Perez Chandler supported the Revolutionary cause by serving on the Duxbury Committee of Correspondence and Safety. He was selected on March 17, 1777. That might sound a quill pen pushing job, safely tucked away in a Meeting House, but it was a job that involved both risk and intelligence. The Committees of Correspondence and Safety, were the brains of the Revolutionary War effort, communicating and coordinating with other towns at with at first protests then later war planning and strategy. The Revolution never would have succeeded without that “shadow government” network.
As leaders they would have been the first ones to be sought by the British and probably the first to have been charged with treason and maybe hanged if the war had been won by the British.
Perez was 47 years old when he was appointed to the Committee. He may not have participated as a soldier in the Revolution, but he was a soldier when he was younger during the French and Indian Wars. Those wars were expensive and which was one of the causes of the British trying to extract more taxes out of the colonists which in turn led to the cry of “No taxation without representation” which in turn acted one of the catalysts for the Revolution.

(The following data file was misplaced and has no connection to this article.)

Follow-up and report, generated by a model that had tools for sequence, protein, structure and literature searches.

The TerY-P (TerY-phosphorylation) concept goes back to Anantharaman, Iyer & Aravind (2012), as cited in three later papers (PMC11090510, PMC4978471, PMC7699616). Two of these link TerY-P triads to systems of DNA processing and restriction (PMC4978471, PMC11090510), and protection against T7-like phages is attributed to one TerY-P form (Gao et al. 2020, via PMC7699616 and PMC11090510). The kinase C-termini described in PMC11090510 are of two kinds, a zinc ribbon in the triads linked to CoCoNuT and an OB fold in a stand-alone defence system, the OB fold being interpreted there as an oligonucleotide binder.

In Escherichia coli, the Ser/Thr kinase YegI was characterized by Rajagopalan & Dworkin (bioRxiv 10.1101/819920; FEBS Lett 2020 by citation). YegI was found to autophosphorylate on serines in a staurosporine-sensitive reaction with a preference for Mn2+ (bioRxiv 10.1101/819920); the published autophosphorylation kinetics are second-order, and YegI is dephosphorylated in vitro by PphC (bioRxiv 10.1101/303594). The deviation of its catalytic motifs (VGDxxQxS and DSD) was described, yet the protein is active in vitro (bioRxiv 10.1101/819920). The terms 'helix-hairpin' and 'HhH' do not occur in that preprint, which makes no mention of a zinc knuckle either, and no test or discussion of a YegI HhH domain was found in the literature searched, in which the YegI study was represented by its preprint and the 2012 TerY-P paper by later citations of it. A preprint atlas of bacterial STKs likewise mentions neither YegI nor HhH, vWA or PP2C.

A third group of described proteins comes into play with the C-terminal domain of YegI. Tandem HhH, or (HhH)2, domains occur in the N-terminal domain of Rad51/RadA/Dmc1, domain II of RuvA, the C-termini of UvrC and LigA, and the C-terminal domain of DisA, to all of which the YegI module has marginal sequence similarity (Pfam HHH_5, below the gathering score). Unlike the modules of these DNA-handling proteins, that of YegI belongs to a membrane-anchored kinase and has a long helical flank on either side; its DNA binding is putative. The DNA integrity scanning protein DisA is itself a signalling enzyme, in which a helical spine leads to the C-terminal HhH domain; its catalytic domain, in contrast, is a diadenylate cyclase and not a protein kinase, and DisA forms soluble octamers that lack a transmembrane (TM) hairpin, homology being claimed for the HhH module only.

The Duxbury town records may have a record of exactly what Perez did, but it is also possible that records were not kept or were destroyed lest fall into the hands of the British. The records would have to be searched to find out. We do know in general what the Committees did (see accompanying story).
We do know that there was a Liberty Pole in Duxbury, which was the site of protests against the British and there was a “Tea Party” in neighboring Marshfield, the most Tory town in New England, which may have involved the Committee that Perez served on. To read about the Liberty Pole, go to our back issues of the Courier on our web site.
The name Perez seems like an unusual name for a Revolutionary War New Englander as it sounds Spanish. However, Perez, like most of the forenames used in the Plymouth Colony, which included Duxbury, came from the Bible and not even England much less Spain.